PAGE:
Here was a man, I felt, that was going to be able to be a figurehead of Libertarian values moving forward over the next four years. Given his personality, I wasn't sure how, if at all, he would be able to handle the national stage, and so I had been biding my time in really getting behind him, though have often received emails from members of DraftSanford2012 dutifully keeping me apprised of his actions.
What attracted me to Sanford was his level of commitment to his personal and political values and his staunch refusal to act politically in any manner that was not in the long term best interests of the people of his state. I fought to remain quiet over the last week amid stories of his disappearance, and was ultimately left saddened and discouraged yesterday upon the announcement of his affair, effectively his political death.
As we conservatives and libertarians hold ourselves to a higher level of personal responsibility than do liberals (see Kennedy, Edward and Clinton, William), it is only fitting that we now cast this man out as a possible representative of our values. There will be no apology made, no eloquently spun explanation of how he is only human, on behalf of Mark Sanford's repugnant weakness, merely only the hope that he finds a way to come to terms with his struggles and to live out a decent personal life from this point on.
Politically speaking, we are left to carry on the mantle of conservatism and libertarianism for the time being without a potential star. Reihan Salam eulogizes:
Back in 2002, when he was first elected governor, Sanford was the darling of D.C. libertarians. As one of Newt Gingrich's foot soldiers in the House of Representatives, he acquired a reputation as a budget-cutting cheapskate who, with his friend and ally Ron Paul, constantly railed against pork-barrel spending and the overweening power of the federal Leviathan. Despite his small fortune, Sanford slept in his congressional office. And his tightfistedness extended to the running of his first gubernatorial campaign, when he reportedly hunted for loose change and haggled over office supplies. His enthusiasm for school choice and firearm ownership also won him kudos from the right wing. But Sanford's total inability to play nice with the legislature stymied his most ambitious efforts, including a long-term plan to roll back South Carolina's state income tax.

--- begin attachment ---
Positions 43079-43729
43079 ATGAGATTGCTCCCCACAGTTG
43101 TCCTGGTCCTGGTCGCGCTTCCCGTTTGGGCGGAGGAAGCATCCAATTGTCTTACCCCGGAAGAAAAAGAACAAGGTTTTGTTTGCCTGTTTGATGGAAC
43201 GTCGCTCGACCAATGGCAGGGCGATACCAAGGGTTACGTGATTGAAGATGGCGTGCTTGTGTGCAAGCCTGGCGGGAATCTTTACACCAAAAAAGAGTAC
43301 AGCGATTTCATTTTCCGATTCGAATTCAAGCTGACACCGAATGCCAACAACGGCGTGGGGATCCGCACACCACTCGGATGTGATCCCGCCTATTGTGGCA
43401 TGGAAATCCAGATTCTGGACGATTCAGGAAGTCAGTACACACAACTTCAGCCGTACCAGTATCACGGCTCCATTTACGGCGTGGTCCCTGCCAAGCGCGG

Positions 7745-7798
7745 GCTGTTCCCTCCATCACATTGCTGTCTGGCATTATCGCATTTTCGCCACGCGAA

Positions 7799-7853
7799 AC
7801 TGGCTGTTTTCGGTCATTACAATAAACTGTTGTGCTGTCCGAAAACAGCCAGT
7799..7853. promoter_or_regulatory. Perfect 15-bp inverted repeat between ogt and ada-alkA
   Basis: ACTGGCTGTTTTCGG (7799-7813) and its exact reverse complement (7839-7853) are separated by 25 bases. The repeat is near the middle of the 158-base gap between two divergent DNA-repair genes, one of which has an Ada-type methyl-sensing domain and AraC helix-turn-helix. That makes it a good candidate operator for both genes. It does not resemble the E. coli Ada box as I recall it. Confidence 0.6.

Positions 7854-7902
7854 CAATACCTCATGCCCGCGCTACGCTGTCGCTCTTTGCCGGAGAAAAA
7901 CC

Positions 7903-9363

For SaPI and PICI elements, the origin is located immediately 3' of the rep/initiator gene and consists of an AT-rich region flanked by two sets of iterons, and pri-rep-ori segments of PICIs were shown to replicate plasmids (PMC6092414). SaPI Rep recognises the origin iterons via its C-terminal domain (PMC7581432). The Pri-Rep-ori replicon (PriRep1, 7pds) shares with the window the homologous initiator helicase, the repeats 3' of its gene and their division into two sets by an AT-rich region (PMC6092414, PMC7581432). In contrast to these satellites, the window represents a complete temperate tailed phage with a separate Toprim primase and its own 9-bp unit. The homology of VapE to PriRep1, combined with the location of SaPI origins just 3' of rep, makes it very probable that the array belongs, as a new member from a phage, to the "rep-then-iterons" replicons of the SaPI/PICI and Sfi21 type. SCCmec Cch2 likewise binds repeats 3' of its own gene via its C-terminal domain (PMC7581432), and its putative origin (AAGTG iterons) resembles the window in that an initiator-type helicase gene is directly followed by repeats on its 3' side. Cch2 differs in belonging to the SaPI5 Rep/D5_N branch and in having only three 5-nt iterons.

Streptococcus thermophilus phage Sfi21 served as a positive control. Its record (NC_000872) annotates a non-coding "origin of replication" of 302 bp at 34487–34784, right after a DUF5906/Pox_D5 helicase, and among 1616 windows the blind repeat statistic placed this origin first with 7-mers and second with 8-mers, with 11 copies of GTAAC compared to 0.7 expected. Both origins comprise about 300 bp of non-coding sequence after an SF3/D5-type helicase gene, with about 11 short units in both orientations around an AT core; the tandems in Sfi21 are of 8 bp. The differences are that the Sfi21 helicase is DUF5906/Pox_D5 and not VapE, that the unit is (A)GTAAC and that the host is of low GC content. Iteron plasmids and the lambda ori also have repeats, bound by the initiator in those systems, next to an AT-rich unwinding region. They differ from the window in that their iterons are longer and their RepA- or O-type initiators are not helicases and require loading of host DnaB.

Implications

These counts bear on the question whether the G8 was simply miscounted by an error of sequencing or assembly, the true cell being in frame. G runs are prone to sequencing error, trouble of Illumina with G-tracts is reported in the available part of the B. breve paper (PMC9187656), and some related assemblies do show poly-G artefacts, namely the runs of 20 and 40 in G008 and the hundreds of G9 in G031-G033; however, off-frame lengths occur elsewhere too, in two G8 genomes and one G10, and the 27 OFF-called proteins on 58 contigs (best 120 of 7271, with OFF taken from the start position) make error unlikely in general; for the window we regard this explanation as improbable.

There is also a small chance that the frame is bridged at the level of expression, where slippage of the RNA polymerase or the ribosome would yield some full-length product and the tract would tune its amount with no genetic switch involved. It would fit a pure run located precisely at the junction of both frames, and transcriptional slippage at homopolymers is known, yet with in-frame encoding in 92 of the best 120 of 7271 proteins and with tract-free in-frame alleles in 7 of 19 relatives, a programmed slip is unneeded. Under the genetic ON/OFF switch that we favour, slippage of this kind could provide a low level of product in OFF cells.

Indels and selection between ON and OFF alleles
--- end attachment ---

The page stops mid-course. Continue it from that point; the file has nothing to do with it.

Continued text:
All the same, Sanford's libertarian bona fides were real. In March, Michael Brendan Dougherty wrote a fascinating profile of Sanford that, on close examination, could have killed his presidential ambitions then and there. Sanford railed against the Federal Reserve; when asked about Michael Phelps’ arrest on drug charges, the governor rolled his eyes. And he seemed to be launching a critique of the Bush Doctrine when he told Dougherty, "I don't believe in preemptive war," a categorical statement he later inched away from in a rare bout of political cowardice. For me, though, the most telling part of the profile came at the end, when Dougherty noted Sanford's total lack of interest in University of South Carolina basketball and his inability to use basic sports metaphors. Given the macho cast of American conservatism, this might have proved a fatal flaw. His recent public weeping won't help matters.
As Sanford slinks away from the public eye, antiwar libertarians have lost their best hope of building a national movement. The 2008 uprising of Birchers, hippies, and raw-milk enthusiasts that fueled Ron Paul's quixotic bid for the White House was looking for a leader, and Sanford seemed to fit the bill. Now he'll instead spend his days doing who knows what—he'll write a book or play golf or maybe smoke a bowl while cradled in the arms of some dark-eyed South American siren. Which, when you think about it, doesn't sound that bad.